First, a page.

JAS-mine provides a unique tool for both microsimulations and large-scale agent-based applications. Dynamic microsimulations are computer models aimed at applying specific processes (as aging, educational choices, labor market events, household formation, etc.) to a representative sample of a given population, in order to forecast its evolution or understand the distributional impact of some policy of interest. While some processes might be deterministic (as aging, or pension eligibility), other processes are stochastic (as mortality, or retirement choices) and are generally estimated in the data.
Agent-based models (ABM) also take an initial population and simulate it forward in time. The main differences between the two approaches can be traced down to the following: (i), microsimulations are more policy-oriented, while agent-based models are more theory oriented; (ii) microsimulations generally rely on a partial equilibrium approach, while agent-based models are most often closed models. The initial population in an agent-based model is typically not meant to reproduce a real population of agents: for example, in a labor market model with firm creation all individuals might be initiated as unemployed, or randomly employed. The focus is on the emergence of aggregate patterns from the interaction of the individual agents, with the aim to replicate some observed stylized fact (business cycle fluctuations, for instance). Accordingly, the value of the parameters that drive the processes are chosen ad-hoc, or only roughly calibrated with real data. However, in their struggle to replace dynamic stochastic general equilibrium (DSGE) models, agent-based models are becoming more empirically oriented. At the same time, microsimulations are becoming more complex, by including more behavioral responses and general equilibrium feedbacks.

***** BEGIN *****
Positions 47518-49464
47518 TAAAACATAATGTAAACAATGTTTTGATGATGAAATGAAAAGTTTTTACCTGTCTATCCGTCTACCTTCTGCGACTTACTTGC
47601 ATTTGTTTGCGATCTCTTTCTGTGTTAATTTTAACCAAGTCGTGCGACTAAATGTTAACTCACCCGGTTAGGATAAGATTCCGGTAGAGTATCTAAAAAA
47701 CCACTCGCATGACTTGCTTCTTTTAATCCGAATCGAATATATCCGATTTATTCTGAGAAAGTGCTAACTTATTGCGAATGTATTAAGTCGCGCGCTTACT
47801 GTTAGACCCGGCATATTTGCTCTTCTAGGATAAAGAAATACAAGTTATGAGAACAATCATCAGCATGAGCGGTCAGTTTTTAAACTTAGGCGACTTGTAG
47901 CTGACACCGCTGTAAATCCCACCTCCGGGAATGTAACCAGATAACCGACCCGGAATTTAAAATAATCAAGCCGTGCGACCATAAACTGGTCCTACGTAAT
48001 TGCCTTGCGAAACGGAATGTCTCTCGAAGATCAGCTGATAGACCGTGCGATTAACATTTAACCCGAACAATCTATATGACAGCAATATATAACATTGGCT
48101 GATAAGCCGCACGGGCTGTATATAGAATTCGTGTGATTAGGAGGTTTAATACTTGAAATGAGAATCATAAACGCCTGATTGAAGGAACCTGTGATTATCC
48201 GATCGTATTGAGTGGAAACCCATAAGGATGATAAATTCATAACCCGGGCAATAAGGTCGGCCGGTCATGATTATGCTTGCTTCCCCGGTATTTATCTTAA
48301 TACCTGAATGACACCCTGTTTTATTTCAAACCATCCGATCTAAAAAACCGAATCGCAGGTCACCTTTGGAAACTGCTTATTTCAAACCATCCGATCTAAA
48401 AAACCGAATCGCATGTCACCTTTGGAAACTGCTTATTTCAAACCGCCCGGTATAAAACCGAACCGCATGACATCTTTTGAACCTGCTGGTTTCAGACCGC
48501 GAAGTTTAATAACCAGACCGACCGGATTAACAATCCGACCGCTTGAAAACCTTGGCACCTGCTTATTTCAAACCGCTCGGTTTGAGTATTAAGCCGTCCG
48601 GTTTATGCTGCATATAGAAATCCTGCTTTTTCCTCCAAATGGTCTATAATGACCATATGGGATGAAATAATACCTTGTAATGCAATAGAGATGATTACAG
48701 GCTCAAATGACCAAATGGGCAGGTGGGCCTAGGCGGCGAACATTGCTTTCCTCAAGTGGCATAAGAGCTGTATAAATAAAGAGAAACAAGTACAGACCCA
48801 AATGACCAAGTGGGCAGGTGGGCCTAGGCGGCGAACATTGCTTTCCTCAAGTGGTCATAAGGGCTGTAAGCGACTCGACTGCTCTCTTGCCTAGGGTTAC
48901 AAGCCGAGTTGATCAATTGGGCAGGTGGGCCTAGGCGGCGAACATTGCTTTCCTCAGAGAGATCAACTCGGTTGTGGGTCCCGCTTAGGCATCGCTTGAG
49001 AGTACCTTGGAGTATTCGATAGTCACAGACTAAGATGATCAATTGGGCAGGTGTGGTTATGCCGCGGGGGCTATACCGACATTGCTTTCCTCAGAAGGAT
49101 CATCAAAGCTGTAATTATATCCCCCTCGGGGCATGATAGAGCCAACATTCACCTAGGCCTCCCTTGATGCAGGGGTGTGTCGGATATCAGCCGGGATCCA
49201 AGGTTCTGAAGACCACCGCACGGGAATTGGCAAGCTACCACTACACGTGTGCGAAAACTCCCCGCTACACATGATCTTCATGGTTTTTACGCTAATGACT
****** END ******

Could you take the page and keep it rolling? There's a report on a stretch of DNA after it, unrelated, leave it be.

If the two approaches retain different goals and perspectives, from a mathematical and computational perspective they are identical. Both agent-based models and microsimulations are recursive models, where the number and individual states of the agents in the system are evolved by applying a sequence of algorithms to an initial population. As computer-based simulations, they face the problem of reproducing real-life phenomena, many of which are temporally continuous processes, using discrete microprocessors.
For a more in-depth analysis, see:Richiardi M (2013). The missing link: AB models and dynamic microsimulation. In: Leitner S., Wall, F. (eds). Artificial Economics and Self Organization. Springer, Lecture Notes in Economics and Mathematical Systems, vol. 669, Berlin.